Ride West: Day 20 To Grand Junction

Occasionally on an adventure such as this a day unfolds like a multi-course meal at a fine restaurant. Today was one of those rare days.

We started with an appetizer that took us a brief distance up the aptly-named Frying Pan Road. An appetizer should pique one’s interest but not fill one up. This ride did that. We only went a few miles up the road, which followed the stream that ran behind our hotel, and then turned around and came back to our starting point. A couple of easy curves, some nice scenic views of impressive rock formations and one gorgeous look at a mountain in the distance. But it was a tasty beginning to the day’s menu.

Historic Redstone Coke Ovens

For our next course, a salad perhaps, we rode west on Colorado Highway 82 along a valley filled with mountains rising on either side of us, funneling us toward Colorado Highway 133, where we banked south. Pulling over to stop for a clothing change to accommodate rising elevation and dropping temperatures, we found ourselves at the historic Redstone Coke Ovens, which are currently being restored. Dating back to the late 19th century these ovens converted bituminous coal to coke for use in smelting iron in foundries. Redstone had, in fact, been created as a company town by the owner of the coal mines and the coke ovens.

Scott Williams near McClure Pass

Continuing southwest with massive mountains poking their treeless tops into the clouds, we crested Highway 133 at McClure Pass (elevation 8,500 feet) and began a descent that ended in Hotchkiss and a trip to the Cowboy Collectibles store, which turned out to be both a tack and saddle store and a collection of artistic cowboy items, including a beautiful, hand-tooled saddle.

At Cowboy Collectables

Hotchkiss sits at a little over 5,000 feet and between there and Delta where we stopped for lunch at Wilson’s Barbeque and Beans, the countryside is dominated by orchards, wineries, and farming operations of many varieties. But the area also contains desert-like landscapes where nothing green met the searching eye. At less than 5,000 feet elevation, Delta was the lowest point on the Twisted Riders trip since we left Denver.

And now for the main course. Backtracking slightly after lunch at Delta we headed north on Colorado Highway 65, climbing steadily through the Grand Mesa National Forest to more than 11,000 feet. The Grand Mesa, bordered by the Colorado River to the north and the Gunnison River to the South, is a rugged, forested table-land that, at its edges, offers spectacular view of the valleys below, whether looking to the south back toward Delta or to the west toward Grand Junction.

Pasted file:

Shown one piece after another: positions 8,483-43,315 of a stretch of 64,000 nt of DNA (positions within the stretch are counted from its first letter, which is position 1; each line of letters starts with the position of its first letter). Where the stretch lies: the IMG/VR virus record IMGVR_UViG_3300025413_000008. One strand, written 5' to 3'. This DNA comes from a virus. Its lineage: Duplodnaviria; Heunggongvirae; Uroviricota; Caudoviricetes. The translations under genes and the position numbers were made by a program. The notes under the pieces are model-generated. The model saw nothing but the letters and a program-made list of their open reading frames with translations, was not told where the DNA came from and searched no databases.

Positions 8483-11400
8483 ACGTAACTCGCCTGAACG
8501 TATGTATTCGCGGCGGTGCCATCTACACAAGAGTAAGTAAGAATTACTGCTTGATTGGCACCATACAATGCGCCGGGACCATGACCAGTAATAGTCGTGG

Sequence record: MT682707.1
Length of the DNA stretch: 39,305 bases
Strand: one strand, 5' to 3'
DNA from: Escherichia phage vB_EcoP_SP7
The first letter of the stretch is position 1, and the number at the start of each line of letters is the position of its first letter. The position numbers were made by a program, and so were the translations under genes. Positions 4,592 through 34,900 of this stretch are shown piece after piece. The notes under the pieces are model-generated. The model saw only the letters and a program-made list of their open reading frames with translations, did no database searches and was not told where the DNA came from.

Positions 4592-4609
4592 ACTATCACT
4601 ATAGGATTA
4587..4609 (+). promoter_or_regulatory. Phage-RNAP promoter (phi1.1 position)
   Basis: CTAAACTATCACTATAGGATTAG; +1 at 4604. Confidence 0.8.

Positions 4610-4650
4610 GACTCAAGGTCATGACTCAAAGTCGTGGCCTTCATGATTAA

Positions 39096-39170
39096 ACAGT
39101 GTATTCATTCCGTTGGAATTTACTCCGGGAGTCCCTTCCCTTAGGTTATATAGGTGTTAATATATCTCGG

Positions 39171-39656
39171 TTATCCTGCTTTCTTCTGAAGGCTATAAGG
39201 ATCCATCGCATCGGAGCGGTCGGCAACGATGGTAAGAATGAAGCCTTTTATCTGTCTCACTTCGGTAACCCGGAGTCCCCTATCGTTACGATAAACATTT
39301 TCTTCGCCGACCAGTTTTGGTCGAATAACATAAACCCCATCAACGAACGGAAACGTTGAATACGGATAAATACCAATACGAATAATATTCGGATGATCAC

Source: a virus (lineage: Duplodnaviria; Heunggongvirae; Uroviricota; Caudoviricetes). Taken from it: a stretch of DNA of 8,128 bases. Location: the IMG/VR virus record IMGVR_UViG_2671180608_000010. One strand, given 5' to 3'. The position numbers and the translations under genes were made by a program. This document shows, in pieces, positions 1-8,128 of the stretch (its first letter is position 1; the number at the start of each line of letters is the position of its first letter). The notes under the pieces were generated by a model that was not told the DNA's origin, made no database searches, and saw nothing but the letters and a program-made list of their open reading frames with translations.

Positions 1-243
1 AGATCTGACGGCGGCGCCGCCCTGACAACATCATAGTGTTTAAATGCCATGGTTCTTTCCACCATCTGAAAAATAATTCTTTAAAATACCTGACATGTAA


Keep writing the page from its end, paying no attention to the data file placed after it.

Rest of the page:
Steve shoots Brian on the Grand Mesa

Even from the top of the mesa, however, the mountains to the north towered above our position. The ride up and down the mesa was exhilarating, as all climbs and descents are, and the winding roads through the forest added their share of excitement. Once down from the mesa, it wasn’t far to Interstate 70 and Grand Junction and our hotel.

But the meal wasn’t over. We required dessert. And for dessert, we chose the Colorado National Monument, the same ride Jon and I took on Day 11of the Ride West. Brad Dykes, my roommate for this week, had been to the Monument several times before and both he and I tried to prepare the others for the treat that awaited their palates.

Gary Metzger at the edge of a canyon at Colorado National Monument.

But they were still surprised by the awesome views of the multiple, shear-sided, red-walled canyons that awaited at the top of the Monument and by the 24 miles of twisting road that hugged the precipitous drop to the canyon floor below. The most common comment was: “Wow!” It was, I think a great way to end today’s moveable feast.

Tomorrow: More Colorado Wonders to our south and east



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